Besides a renewed appreciation for my family, I have also gained a new understanding of humility since coming home. Again and again, well-meaning friends, family, and acquaintances questioned me over the past two months about how the job search was going. Every time I had to admit to someone, whether it was a stranger or a close friend, that I didn't have a real job yet and was still living at home, it was a blow to my pride. For most people, I slapped on a smile and tried to shake it off, but it never got easier.

In short, I have rarely felt so unsettled and confused. I compensated for the lack of control I felt about my life by going through almost everything I owned and getting rid of half of it (let the simple living continue). In my worst moments, I felt like my life had been put on hold when I stepped off the plane from Boston. However, as much as I may have felt like my life has been on pause during this period of transition, it hasn't been--not for a minute. I am still learning, and I am still growing. 

There isn't a day that goes by that I don't think about Boston, text my community members, or miss Casserly House, but I do think I am where I am supposed to be, as difficult as it was to leave. It seems like things are beginning to fall into place for me, and I'm excited to see what happens next.

And throughout whatever happen next, I'm going to keep writing, because that's really the only way I know how to make sense of my life. I'm not quite sure what direction blogging is going to take post-JVC, but there is much be said for entering into the moment--even when the moment is confusing and seems purposeless--and that's what I am going to continue to try to do.

My questions post-JVC are a little bit different, as they include things like "Does 'business casual attire' mean I have to quit painting my nails obnoxious colors and wearing colored tights?" (answer: I sure hope not), but the big picture is still the same, as I continue to strive for meaning and intentionality in my choices and relationships. 

Monday, September 24, 2012

little moments.

Just wanted to share a few of the moments with the Casserly House kids that I will cherish the most from last year. Watching them grow was such a privilege. I could go on and on about the ways that these kids challenged me and changed me, but I think the stories speak for themselves.


Walking M. to the T station to meet up with family and having her sing and dance and talk too loud to be polite the entire way there. We were quite a pair.


B., a 7th grade boy, deciding to write everyone in After School notes one day. Mine read: "Megan, get married soon and make sure I'm invited to the wedding." What? I'm still confused where that came from.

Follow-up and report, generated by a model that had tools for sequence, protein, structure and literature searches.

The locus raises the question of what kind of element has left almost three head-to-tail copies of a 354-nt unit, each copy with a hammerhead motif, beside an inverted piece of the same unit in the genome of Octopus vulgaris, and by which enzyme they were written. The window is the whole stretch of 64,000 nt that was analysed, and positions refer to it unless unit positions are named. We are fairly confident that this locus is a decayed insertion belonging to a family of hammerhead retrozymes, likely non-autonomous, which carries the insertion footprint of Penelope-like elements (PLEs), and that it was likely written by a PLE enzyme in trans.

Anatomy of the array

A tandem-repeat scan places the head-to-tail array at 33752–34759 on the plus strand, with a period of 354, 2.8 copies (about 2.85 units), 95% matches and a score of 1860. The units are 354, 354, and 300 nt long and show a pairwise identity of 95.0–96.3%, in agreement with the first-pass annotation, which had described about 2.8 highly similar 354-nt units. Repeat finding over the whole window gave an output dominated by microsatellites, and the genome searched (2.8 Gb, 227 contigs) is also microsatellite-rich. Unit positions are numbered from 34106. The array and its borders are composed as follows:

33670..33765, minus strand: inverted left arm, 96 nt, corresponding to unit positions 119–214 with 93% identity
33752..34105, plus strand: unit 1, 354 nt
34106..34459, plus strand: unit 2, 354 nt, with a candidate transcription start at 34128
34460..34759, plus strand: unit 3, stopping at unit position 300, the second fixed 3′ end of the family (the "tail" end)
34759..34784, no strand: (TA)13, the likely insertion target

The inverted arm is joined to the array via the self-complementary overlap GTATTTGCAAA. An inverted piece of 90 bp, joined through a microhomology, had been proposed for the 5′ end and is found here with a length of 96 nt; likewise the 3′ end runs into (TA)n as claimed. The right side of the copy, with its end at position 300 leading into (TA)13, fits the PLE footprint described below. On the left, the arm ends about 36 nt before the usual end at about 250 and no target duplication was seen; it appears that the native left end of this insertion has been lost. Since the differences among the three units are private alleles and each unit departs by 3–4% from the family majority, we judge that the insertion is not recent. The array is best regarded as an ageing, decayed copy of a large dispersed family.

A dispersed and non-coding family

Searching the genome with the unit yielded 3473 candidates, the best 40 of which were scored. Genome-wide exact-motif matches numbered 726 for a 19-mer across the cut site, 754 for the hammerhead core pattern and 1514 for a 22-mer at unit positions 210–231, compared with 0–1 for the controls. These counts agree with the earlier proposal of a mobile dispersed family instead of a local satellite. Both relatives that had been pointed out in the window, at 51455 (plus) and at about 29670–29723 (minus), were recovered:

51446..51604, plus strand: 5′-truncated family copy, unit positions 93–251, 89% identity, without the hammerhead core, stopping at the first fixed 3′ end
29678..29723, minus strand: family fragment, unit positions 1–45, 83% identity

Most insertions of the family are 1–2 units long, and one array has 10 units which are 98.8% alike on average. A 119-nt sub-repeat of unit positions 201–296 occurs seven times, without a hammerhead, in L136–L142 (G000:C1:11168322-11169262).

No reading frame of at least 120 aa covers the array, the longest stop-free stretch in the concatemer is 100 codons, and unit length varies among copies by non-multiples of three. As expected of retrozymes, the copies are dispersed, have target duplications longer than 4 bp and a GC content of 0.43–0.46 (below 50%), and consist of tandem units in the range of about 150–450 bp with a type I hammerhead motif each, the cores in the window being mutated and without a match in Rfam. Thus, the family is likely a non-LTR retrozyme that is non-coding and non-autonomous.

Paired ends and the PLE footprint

The days during the spring/early summer when I would walk one of the boys, M., home from After School. I usually walked anyway, and he was on my way, so it wasn't a big thing to do. M. and I would chat while we walked, and it became one of my favorite parts of the day. One of the last times I ever walked him home, we stopped and I bought a snack for both us to eat. You should have seen his face when I let him choose what we would get, and you should have seen mine when he picked $.50 popsicles that were sugar free. He had no idea that he had essentially chosen the cheapest and healthiest option. The joy and innocence on his face was incredible. "You can have two!"


During the Casserly House Christmas party, "Santa" gave each of the kids a gift bag filled with school supplies, some toys/games, and a few other miscellaneous things. The week after we returned to After School, one of the kids was sitting with Jim and I when he tried to give us back a pack of pencils. At first we were both confused, then he explained, "No, I want you to have them. Because you do so much for us and you never have enough pencils." What pure generosity.


Me: "Hello dear! How's it going?"
J.: "Don't call me dear."
Me: "Oh, okay. Why?"
J.: "Only old people say dear. And you aren't an old person."
Me: "Oh. Hello friend?"
J.: "Better."


The rare, beautiful moments with C. without the rest of the kids around, when he finally let the masks and all of the pretense of trying to be cool slip away, and we were able to just enjoy each other's company. 


Every week:
"Hey Megan, I think I'm taller than you now!" --everyone


During camp, I had the kids do an Egyptian hieroglyphics activity on the computers one afternoon. They were all supposed to type their names, then other words/phrases that they wanted to try. At one point, I look over and K. has typed in "swag" and nothing else. "Hmm, swag, huh?" "Yeah boy!"


Some kids are harder eggs to crack than others. In particular, M. was a girl who I had a bit of a tumultuous relationship with all year. On the last day of After School, she was the final one to leave, so we ended up sitting on the front porch together, waiting for her mother to pick her up. She was quiet at first and would barely speak, even when I attempted to engage her in conversation. Eventually, I just gave up, and we sat in silence for a couple of minutes. Then, she pulled a dime out of her pocket, looked at me, and said, "Wanna play heads and tails?" We played that game for almost 20 minutes straight, and I don't know if we ever had a better moment together all year. On the last day, something broke though. 



Talking with J. before After School in March: 
J.: "Megan, is your job hard?" 
Me: "Sometimes." 
J.: "Like when kids act up?" 
Me: "Yes, definitely. But when everyone cooperates, it's great. Really great. And those are the moments when I have one of the best jobs in the world."


My last day at Casserly, J. stopped by for a quick visit that turned into an hour. We sat around and chatted, and I got the chance to hear about his recent visit to Haiti with family. J. had been having a hard time coping with the fact that I wouldn't be around in the fall, so I told him about the new JV to help ease the transition. "But I'm still going to miss you, Megan." Our goodbye was particularly meaningful because I knew that it was one of my last. "Promise you'll come back. I'm not leaving 'til you promise." "I promise."